It’s almost impossible having now read The Little Prince, but I seem to remember a time before I knew about it. I certainly only read it for the first time recently, but the image of the cover seems to have been with me since before my memories begin.
Like many books, I picked this copy up for next to nothing at a book fair. I’d promised myself one novel from my long list and, despite finding several options, I returned for this one. It seemed so slender and simple that it couldn’t be anything other than a joy to read. So often I find myself skipping over spine after spine, almost overwhelmed by the serious reading to be done that finding a book so enchanting as this was a wonderful surprise.
The Little Prince itself comes from less auspicious beginnings. Its author, Antoine de Saint-Exupery, crashed in the Sahara in 1935 whilst flying a two-man plane to Vietnam. Marooned for four days with his copilot, Saint-Exupery survived the heat and dehydration until rescued by a passing Bedouin. Both experienced hallucinations and mirages before rescue.
Drawing on this experience, the novella is the reminiscence of a Pilot who once crashed in the desert, only to meet the Little Prince of the title. An unusual and unworried figure, the Prince tells the pilot about his journey to Earth from his home planet, where he and a single rose are the only residents.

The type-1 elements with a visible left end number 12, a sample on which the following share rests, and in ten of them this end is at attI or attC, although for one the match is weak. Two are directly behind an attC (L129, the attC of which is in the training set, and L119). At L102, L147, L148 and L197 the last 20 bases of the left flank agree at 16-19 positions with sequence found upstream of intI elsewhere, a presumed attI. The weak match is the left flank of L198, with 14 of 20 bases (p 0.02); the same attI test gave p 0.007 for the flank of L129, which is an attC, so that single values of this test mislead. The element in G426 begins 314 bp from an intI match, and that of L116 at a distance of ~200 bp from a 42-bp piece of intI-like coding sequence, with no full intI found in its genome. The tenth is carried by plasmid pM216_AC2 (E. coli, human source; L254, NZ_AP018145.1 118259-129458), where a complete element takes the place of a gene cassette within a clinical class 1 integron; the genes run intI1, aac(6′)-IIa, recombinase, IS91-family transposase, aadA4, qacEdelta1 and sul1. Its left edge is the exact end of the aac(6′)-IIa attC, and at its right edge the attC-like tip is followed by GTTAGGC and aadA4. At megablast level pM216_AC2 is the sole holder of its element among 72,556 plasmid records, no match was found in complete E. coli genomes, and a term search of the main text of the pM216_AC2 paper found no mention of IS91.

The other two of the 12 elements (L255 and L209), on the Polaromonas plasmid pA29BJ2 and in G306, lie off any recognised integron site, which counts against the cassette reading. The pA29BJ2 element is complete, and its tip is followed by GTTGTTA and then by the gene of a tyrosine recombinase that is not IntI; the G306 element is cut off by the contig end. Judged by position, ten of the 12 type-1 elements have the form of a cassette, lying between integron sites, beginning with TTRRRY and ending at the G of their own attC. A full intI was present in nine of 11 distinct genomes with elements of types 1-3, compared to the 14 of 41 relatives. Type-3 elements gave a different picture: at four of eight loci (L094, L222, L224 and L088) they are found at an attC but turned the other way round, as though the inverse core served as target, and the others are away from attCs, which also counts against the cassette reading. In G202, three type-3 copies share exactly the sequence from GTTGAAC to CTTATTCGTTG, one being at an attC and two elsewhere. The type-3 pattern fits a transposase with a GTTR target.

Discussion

As he travels through space, the Prince meets all manner of men, each representing typical flaws of what we’re told is “adult” life. He finds a King with no subjects, a businessman endlessly counting stars and, among others, a man eternally lighting and snuffing a lamp. In a few words, it’s clear the absurdity of each of these men and why the Prince continues travelling. In the Pilot, he seems to find something close to a soulmate, sharing a love of childish art and passing on wisdom he has learnt.
The great success of The Little Prince is it’s ability to raise the most dramatic of questions in the simplest ways. Like Animal Farm, it pushes allegory to absurdity yet speaks to children as if it is only they who still have hope of learning from it.
As Adam Gopnik writes in The New Yorker, The Little Prince teaches that “the world conspires to make us blind to its own workings; our real work is to see the world again.” Perhaps it is children, not yet blinded, who have that chance.
The Little Prince is a perfectly judged short novel, mixing childish imagination with intelligent criticism of the world around us and ourselves for accepting it the way it is. Perhaps that’s why it seems to begin before it’s read and endure after its closed. It’s an eternal reminder of who we all are, passed down for over 75 years so far, with much longer to follow.
The Little Prince is one of Le Monde’s 100 Books of the Century
About the Author
Antoine de Saint-Exupery was born in France in 1900. Most famous for The Little Prince, he vanished in 1944 while flying a reconnaissance mission for the Allies. His body was never recovered.